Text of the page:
The Kansas City National Security Campus All Abilities Network and Veterans Network are collaborating to bring to awareness to Post-Traumatic Stress Disorder (PTSD) Awareness Month this June.
According to the American Psychiatric Association, PTSD may occur in people who have experienced or witnessed a traumatic event or have encountered threatening situations, violence or serious injury. PTSD can manifest in a variety of ways including, stress, anxiety, depression, flashbacks and nightmares.
“I find it meaningful to support those with PTSD because we are helping those who carry out our national security mission every day,” said Steve Tanner, Global Security Sr. Director and Warriors’ Ascent board member. The Kansas City National Security Campus has sponsored Warriors’ Ascent since 2019.
Jeffery Schmidt is the Leader of the KCNSC Veterans Employee Network and an Army veteran with 23 years of experience. He says that the Veterans Employee Network values KCNSC’s partnership with Warriors’ Ascent and the help they bring to those veterans and first responders struggling with PTSD, giving participants of the program a way to cope with PTSD and develop ways to deal with it in their day to day lives.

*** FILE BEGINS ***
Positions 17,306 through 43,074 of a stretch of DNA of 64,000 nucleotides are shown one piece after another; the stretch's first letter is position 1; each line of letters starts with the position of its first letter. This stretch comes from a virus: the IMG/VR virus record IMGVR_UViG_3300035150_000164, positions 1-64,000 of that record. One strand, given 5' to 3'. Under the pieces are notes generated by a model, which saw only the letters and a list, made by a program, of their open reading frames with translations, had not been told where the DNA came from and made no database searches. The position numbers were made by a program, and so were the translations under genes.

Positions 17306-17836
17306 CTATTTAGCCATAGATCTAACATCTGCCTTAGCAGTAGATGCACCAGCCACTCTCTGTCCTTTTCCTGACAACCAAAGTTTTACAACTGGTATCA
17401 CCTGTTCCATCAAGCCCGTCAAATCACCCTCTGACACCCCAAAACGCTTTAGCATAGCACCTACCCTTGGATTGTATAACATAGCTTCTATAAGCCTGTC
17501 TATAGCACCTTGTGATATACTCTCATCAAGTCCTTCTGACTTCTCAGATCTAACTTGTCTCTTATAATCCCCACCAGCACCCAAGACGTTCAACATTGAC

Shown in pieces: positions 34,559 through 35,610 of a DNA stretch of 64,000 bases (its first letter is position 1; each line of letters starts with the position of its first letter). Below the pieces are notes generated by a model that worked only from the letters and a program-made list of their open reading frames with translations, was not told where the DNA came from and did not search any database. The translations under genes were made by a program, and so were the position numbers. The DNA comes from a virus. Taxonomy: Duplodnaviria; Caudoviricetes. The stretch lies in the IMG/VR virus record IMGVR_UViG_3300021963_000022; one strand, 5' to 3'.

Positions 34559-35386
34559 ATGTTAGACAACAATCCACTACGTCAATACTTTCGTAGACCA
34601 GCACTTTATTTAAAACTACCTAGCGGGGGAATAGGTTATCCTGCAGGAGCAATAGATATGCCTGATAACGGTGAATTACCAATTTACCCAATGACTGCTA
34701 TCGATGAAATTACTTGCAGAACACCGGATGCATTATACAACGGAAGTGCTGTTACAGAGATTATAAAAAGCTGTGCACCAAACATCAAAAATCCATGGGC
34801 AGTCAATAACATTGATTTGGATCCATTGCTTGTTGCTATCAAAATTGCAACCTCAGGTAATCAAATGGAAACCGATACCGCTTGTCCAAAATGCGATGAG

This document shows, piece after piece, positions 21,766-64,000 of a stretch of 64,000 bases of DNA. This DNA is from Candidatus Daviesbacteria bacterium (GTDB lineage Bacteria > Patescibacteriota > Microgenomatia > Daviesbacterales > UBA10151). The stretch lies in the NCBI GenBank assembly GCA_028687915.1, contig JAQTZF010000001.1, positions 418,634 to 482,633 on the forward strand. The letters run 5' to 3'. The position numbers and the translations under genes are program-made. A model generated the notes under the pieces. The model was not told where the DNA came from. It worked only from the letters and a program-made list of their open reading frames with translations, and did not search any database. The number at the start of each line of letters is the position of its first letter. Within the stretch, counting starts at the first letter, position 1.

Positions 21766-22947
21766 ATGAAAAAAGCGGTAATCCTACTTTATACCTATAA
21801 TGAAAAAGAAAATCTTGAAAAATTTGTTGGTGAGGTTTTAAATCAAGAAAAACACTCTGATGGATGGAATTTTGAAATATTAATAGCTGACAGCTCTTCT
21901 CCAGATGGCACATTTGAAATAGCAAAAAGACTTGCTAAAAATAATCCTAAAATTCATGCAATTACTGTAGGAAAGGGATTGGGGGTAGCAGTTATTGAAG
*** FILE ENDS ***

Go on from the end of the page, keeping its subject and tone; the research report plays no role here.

“I’ve had several close friends over the past two years commit suicide, and it wreaks havoc on their family and friends, it’s a statistic that we need to help curb, which is why Warriors’ Ascent is so valuable for this community. This program helped people turn a corner and given them a will to live,” says Schmidt.
Warriors’ Ascent helps veterans and first responders manage their PTSD through a holistic five-day program that includes activities such as yoga, and mindfulness and therapy exercises guided by the University of Kansas’ Cofrin Logan Center for Addiction Research and Treatment. These activities are specifically chosen to help participants learn to manage their PTSD at home. Program graduates are invited to keep participating through weekly virtual meetings. More than 500 veterans and first responders have completed the program since 2014.
“A lot of the people we work with perceive a stigma associated with it and don’t want to come forward and say, ‘I need help.’ They don’t want to feel like they can’t deal with something on their own. When they come here they feel like they’re not alone, and it’s very validating,” said Mike Kenny, Executive Director of Warriors’ Ascent.
If you are interested in volunteering with Warriors’ Ascent, visit warriorsascent.org.